More Than 100 Attend Presentation of “History of the Monon”

(BLOOMINGTON) – The Monroe County History Club presented the “History of the Monon” by George Carpenter on Tuesday afternoon. 

The presentation was attended by more than 100 guests who listened to Carpenter’s historical account of one of Indiana’s well-known railroads that passed through Bedford and Bloomington.

George Carpenter presents ” History of the Monon” Tuesday afternoon at the American Legion in Bloomington

The New Albany and Salem Railroad were organized in 1847 by James Brooks, President. The New Albany and Salem Railroads were built to link the Ohio River and Lake Michigan and were completed in 1954.  The New Albany and Salem were the first names the Monon Railroad.

During the Civil War, the Monon provided timely service to the Union Forces. The Monon carried volunteers to mustering centers and hurried sick, wounded or discharged men home at half-price.

Confederate John Morgan’s raiders came to Kentucky in July 1863 and tore out Monon tracks, pulled over water tanks, burned trestles, and damaged the depot in Salem, Indiana.

In April 1865, a Monon Engine pulled President’s Lincoln funeral train at 5 miles per hour, per orders over the 90 miles from Lafayette to Michigan City.

From 1854 on, the Monon provided inestimable service to the limestone industry of Southern Indiana.

Indiana Limestone was used to construct the Empire State Building, Pentagon, National Cathedral, Washington Monument, and countless private buildings, museums, bridges, churches, walkways, monuments, statues, and gravestones. Each new slab of Indiana limestone rode a Monon flat car first, regardless of its destination.

More than 100 people attended Tuesday’s presentation “The History of the Monon”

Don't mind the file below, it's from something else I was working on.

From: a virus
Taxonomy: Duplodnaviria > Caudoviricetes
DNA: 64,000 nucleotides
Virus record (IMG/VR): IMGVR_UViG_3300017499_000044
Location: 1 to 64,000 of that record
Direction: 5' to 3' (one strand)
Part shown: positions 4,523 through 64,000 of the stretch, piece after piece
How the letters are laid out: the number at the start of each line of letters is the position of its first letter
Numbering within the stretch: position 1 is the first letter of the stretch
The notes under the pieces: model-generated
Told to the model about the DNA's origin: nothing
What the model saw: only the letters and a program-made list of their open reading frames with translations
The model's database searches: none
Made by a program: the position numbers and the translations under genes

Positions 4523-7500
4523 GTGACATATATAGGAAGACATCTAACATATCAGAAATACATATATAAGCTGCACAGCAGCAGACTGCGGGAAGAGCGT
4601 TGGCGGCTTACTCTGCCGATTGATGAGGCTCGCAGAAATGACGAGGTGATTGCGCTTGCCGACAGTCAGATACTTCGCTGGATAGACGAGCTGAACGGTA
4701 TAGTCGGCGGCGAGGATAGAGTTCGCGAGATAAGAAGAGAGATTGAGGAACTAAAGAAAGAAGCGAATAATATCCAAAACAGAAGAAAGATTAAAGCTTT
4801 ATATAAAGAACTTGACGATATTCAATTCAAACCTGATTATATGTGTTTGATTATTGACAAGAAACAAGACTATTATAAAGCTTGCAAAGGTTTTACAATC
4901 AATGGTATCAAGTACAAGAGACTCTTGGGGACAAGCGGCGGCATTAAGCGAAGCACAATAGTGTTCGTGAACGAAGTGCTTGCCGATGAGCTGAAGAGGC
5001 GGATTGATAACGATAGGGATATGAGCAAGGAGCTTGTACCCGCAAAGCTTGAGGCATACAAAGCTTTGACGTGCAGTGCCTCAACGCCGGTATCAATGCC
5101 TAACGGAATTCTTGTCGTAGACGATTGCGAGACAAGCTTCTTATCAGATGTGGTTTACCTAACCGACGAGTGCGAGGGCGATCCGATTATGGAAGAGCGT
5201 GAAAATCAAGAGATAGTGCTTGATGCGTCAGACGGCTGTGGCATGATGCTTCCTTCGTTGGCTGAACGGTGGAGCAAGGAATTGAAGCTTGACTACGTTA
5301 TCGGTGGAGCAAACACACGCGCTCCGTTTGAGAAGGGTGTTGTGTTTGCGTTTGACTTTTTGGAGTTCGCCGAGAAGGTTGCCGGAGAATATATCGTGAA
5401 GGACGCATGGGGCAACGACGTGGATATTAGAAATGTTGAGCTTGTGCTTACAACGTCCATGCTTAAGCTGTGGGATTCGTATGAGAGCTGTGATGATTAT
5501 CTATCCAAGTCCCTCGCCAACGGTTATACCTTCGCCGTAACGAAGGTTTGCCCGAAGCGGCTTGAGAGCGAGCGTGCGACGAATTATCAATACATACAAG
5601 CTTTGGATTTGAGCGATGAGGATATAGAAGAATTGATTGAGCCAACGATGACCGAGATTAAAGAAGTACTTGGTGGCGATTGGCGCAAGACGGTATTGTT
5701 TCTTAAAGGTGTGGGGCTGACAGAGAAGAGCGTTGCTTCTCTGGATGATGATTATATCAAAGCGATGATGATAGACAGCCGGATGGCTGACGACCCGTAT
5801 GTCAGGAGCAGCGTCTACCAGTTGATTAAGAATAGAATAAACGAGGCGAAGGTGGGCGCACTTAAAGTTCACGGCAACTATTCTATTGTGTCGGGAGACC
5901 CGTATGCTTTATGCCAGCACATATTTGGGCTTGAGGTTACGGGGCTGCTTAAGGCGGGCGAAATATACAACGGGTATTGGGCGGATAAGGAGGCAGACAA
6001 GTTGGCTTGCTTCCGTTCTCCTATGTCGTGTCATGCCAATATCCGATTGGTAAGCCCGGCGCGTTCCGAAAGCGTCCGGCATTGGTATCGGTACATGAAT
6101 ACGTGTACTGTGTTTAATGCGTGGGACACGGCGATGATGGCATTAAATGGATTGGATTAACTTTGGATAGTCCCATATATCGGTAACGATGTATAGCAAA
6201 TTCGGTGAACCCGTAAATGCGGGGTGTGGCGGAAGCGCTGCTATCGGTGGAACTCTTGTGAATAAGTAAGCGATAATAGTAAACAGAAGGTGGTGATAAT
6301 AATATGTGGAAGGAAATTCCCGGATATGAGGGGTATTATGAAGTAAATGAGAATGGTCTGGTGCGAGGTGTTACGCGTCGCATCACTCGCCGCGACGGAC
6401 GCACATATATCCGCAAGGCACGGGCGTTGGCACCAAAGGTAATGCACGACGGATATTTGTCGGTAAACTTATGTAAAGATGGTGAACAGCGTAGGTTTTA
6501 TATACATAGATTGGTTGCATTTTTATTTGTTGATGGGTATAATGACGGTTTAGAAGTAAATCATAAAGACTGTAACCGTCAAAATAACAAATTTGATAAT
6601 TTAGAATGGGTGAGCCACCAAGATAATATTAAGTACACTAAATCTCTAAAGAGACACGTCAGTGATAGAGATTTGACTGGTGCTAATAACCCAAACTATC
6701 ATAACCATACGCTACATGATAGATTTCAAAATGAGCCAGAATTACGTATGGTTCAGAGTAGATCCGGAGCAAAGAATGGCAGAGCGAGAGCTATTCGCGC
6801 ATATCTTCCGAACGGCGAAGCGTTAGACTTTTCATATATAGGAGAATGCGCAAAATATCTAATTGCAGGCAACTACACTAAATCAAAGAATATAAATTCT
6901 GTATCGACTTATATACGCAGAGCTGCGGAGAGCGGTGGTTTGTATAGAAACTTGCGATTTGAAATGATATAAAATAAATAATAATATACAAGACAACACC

In 1946, John W. Barriger III became president of the Monon. Monon changed its operations, built new passenger cars, purchased diesel F03 for passenger and mainline freight service, and made the Monon a modern, efficient and competitive railroad.

The Monon Railroad was the first Class “A” railroad to become fully dieselized.

A postcard depiction of the Thoroughbred, with an EMD F3 in the lead.

The Monon operated entirely within the State of Indiana and was only a few files of out of state trackage rights which connected it to its two major terminals, Chicago and Louisville.

The Monon trackage crosses its namesake City of Monon in Northern Indiana. The mainline runs from Chicago to Monon to Louisville, while the lines from Monon to Michigan City and from Monon to Indianapolis were operated as branch lines.

Another branch line ran from Orleans, Indiana then Southwest, stopping on the grounds of the French Lick Springs Hotel, where it connected with the Southern Railway. The Monon also ran a branch line into the coalfields of Southern, Indiana at Wallace Junction.

The Monon served five major universities in Indiana; Purdue University in West Lafayette, Wabash College in Crawfordsville, DePauw University in Greencastle, Indiana University in Bloomington, and Butler University in Indianapolis. 

At one time, railroads crisscrossed the state carrying every type of commodity you could imagine, including people. Photo courtesy Monon Railroad Historical-Technical Society Photo Archives

The college traffic was so important that the Monon painted it’s passenger rolling stock the crimson and gray of Indiana University. It also painted it’s freight engines black and gold for the colors of Purdue University.

The Monon merged into the Louisville and Nashville Railroad in 1971, and some of the former Monon right of way is still operated by the CSX transportation.

Part of the information in this story was provided by the Monon Historical-Technical Society with World Headquarters in Salem, Indiana. It is a non-profit organization to preserve the history of the Monon Railroad. You can contact the Monon Historical Society by Mail at Post Office Box 11 Edinburg, Indiana or call 812-526-5660.

Those in attendance of Tuesday’s presentation had some family members who worked with the Monon Railroad, or they themselves worked the Monon. People who attended were from different areas of the state including Paoli, Bedford, Muncie, and other places the Monon Railroad touched.

The Monroe County History Club presents monthly presentations at the American Legion Post in Bloomington. The Monroe County History Club started in February of 2013 with only six people in attendance.  Now, the group has outgrown space so presentations are now done at the American Legion with lunch available.

“There are many more topics we would like to cover. The Showers Building, History of Bloomington Hospital, and Bloomington Fire Department, and Police Department, to name a few,” said Mike Carter, current president of the organization.

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